When he’s driving, my husband is- how do I say this- extremely sensitive to the driving habits of EVERYONE else on the road. As a result, even though the other drivers can't hear him, he gives- what should I call them- suggestions to his fellow drivers.
My sister is in the design industry, so when we go somewhere, she often notices things that I wouldn't, such as the layout, choice of flooring, and colors. (I’m usually like, “Where’s the bar?”)
I imagine that Rachel Zoe walks down the street mentally fixing people's outfits and that the Super Nanny can’t shop at a supermarket without silently criticizing the parenting skills of the mom who just gave in to her toddler’s tantrum and bought the Sponge Bob cereal.
I, of course, am very grammar sensitive. I see and hear grammar errors everywhere. In fact, I just cringed because someone said, “There’s too many pages.”
Me in my head: There ARE too many pages.
I really do try to keep this stuff in my head. There is a fine line between being helpful and coming off as a know-it-all asshole. Sometimes, an unsolicited correction will slip out of my mouth, but I do try to keep my grammarness to myself unless, of course, I’m teaching or blogging.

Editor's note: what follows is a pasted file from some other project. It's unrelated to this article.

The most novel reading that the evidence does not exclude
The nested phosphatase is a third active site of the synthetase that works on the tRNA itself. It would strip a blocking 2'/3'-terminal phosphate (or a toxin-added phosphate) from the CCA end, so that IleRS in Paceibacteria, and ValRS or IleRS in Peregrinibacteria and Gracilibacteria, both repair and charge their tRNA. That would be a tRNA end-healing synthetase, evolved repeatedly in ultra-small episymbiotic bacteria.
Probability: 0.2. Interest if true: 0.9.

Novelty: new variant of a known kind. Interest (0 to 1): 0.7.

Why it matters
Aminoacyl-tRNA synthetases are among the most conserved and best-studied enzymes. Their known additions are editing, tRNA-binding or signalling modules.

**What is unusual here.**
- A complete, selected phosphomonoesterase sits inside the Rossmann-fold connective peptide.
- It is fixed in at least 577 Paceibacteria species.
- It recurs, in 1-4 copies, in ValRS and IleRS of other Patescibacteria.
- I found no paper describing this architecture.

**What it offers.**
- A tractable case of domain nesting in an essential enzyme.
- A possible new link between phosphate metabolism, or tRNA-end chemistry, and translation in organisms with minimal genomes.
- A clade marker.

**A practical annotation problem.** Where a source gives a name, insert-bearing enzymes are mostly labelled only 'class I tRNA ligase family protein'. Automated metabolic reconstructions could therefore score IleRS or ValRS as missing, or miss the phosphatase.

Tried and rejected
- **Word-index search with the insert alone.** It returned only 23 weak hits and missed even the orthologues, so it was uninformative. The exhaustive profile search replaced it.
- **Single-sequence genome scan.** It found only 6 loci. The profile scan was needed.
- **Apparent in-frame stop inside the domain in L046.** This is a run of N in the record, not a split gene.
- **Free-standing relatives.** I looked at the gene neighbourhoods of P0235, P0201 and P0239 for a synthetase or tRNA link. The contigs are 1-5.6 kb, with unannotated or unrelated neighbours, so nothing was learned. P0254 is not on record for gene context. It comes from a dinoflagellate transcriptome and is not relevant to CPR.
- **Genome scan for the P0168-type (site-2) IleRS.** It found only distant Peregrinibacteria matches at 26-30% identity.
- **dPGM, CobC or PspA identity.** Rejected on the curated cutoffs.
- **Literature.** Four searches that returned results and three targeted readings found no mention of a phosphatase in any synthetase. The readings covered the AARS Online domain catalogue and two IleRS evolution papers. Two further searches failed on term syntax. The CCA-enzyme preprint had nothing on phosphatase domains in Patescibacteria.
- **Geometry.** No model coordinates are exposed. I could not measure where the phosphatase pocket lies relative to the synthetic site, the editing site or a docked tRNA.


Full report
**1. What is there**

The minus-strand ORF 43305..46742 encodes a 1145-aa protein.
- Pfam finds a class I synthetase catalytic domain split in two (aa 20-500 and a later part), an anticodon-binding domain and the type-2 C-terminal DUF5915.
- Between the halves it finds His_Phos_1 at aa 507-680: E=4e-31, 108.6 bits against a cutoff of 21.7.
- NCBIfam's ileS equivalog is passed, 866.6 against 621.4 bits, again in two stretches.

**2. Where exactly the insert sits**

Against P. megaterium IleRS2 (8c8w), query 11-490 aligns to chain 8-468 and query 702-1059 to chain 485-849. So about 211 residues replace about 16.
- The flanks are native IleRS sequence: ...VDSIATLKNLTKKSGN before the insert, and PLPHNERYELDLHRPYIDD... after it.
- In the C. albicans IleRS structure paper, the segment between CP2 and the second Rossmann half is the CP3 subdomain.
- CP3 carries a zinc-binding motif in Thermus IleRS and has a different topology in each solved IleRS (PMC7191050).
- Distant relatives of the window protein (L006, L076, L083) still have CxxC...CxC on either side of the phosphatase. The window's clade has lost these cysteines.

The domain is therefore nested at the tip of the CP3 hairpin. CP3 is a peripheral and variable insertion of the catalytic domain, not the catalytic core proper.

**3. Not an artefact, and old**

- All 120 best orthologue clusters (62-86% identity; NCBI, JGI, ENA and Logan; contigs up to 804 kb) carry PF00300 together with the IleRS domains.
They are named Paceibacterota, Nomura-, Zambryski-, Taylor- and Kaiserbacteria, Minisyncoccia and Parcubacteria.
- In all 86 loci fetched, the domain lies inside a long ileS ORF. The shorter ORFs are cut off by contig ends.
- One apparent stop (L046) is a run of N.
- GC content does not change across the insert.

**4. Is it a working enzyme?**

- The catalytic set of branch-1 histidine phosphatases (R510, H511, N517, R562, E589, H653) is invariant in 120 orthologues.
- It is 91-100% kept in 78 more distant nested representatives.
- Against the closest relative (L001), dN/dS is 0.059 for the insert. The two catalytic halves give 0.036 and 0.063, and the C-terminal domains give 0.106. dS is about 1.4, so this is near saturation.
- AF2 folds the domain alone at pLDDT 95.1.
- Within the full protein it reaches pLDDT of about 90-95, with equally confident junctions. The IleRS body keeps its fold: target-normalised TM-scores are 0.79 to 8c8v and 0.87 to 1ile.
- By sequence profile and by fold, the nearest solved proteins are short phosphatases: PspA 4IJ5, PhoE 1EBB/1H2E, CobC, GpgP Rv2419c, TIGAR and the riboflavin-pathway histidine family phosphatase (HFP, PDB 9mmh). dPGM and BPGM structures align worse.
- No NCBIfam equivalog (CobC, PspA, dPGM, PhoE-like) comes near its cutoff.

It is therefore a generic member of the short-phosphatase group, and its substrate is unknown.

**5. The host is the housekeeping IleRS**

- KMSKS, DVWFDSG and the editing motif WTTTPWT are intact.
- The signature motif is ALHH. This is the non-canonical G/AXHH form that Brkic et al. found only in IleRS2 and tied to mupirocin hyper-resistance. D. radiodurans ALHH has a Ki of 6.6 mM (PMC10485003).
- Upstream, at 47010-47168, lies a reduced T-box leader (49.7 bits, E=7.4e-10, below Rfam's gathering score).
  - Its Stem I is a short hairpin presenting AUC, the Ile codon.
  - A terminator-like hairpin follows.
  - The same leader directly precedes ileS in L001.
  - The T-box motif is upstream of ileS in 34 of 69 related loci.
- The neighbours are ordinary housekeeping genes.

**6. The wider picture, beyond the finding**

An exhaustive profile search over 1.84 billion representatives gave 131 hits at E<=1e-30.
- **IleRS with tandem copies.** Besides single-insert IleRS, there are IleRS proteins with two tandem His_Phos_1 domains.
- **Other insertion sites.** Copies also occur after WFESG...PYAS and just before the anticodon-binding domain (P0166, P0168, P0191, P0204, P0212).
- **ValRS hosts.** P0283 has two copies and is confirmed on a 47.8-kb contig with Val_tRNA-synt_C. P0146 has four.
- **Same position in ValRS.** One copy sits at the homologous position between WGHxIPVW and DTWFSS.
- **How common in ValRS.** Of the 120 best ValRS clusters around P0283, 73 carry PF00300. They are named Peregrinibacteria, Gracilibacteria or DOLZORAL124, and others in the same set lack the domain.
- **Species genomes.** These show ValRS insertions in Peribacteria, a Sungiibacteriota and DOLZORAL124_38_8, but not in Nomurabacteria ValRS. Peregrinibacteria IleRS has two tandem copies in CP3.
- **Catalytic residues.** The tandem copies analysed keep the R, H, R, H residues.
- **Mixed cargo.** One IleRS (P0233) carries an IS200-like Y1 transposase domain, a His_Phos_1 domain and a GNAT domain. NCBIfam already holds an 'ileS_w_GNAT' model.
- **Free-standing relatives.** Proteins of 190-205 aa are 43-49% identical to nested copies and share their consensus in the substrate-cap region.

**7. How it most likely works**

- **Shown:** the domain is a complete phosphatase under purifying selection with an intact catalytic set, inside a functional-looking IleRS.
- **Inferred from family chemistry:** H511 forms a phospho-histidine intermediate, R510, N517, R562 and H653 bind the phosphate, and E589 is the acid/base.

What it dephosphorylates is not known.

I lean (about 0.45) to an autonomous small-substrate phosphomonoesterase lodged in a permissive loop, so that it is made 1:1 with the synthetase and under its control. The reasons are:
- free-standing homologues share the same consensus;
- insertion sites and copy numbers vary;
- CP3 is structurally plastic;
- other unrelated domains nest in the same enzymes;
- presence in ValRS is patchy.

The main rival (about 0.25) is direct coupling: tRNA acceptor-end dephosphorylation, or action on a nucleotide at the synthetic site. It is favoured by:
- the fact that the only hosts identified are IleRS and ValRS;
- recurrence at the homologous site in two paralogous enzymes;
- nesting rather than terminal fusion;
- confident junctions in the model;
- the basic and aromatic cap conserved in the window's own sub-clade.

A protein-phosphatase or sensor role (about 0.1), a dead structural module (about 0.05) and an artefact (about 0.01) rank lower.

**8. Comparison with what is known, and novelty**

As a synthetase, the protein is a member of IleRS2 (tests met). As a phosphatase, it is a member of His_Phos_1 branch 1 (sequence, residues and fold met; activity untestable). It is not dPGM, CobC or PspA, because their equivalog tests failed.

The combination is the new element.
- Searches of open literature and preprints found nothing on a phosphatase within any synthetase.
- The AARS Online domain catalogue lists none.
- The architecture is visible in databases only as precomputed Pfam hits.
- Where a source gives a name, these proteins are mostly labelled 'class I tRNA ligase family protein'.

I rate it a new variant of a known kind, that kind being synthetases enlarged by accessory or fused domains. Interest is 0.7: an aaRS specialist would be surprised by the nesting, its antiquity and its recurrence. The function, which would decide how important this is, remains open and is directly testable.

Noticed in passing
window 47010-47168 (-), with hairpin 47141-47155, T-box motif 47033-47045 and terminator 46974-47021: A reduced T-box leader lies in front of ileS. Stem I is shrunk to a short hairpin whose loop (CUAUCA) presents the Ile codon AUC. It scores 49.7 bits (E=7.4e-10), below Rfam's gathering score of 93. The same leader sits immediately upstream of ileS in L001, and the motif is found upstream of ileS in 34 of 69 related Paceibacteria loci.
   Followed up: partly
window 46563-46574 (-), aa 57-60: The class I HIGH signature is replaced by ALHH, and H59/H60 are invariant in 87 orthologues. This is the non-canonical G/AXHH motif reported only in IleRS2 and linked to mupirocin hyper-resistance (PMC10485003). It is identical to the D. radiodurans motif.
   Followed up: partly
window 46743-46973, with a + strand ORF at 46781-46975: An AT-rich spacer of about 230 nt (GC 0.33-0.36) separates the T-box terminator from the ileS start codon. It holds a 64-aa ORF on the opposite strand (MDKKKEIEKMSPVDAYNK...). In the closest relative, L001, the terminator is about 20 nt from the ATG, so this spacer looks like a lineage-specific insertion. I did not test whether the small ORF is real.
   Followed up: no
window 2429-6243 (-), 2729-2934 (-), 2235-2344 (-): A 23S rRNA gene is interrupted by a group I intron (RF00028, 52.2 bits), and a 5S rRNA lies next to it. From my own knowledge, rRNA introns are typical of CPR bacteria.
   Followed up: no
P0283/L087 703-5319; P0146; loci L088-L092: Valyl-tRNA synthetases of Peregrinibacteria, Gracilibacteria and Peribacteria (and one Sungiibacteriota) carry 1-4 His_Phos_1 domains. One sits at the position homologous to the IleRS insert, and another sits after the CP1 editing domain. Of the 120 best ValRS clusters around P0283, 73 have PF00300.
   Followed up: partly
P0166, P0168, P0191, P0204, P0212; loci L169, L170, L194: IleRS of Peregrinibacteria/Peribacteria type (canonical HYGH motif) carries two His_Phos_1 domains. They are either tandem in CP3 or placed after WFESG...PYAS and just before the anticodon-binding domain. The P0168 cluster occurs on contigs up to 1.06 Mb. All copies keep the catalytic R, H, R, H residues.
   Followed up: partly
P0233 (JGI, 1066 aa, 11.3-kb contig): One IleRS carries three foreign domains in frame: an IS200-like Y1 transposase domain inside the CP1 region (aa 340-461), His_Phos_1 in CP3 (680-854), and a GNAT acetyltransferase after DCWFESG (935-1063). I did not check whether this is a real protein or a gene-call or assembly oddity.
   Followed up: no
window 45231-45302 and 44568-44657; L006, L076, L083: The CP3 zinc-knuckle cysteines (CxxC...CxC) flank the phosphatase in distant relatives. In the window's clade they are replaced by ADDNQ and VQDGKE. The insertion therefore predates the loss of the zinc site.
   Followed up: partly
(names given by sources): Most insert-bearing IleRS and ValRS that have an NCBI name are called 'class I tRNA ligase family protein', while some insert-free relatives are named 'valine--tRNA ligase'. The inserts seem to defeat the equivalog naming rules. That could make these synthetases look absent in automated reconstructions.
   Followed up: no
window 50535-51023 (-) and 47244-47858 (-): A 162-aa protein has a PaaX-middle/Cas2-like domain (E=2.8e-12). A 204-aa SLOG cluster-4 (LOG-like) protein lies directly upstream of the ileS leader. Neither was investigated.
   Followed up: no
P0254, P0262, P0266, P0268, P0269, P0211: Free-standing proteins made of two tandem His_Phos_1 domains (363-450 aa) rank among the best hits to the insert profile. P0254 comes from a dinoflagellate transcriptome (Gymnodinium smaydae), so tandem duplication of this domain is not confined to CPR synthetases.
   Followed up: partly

For example, there’s a sign that is plastered to the door of the staff lounge at my work that says, “Open door slow.” Every morning, when I walk in, I shake my head as I silently lament the lack of the ly, and get on with my day.
So, if I worked at the place where the following memo was distributed, I would have noticed the spelling error, but I would not have been the person to make the spelling correction:
I found this on jezebel.com, and the comments reflect the controversy of whether it was insensitive or respectful to make the spelling correction.
Well, as I said before, I wouldn’t have initiated it, but, you know, since someone else already did, might I just add:
I wouldn’t capitalize the word dear, co-worker or friend.
I would put a period after There is not going to be a service held.
I would capitalize thanks and put a comma after it, put an apostrophe in don’t, put a period after necessary, and a colon after point.
And, if I were the deceased, I would be pissed that there wasn't going to be a service held by my "dear" friends and haunt the office. First stop, swap the regular morning coffee for decaf.
* Luckily, however, not all people are as seemingly cold as the people who work in the aforementioned office. Theresa Milstein from the blog Substitute Teacher's Saga has dedicated herself to an important cause. Click here to see how you can help.
And, James Garcia Jr. at Dance on Fire generously awarded me the Circle of Friends Award. Thanks, James.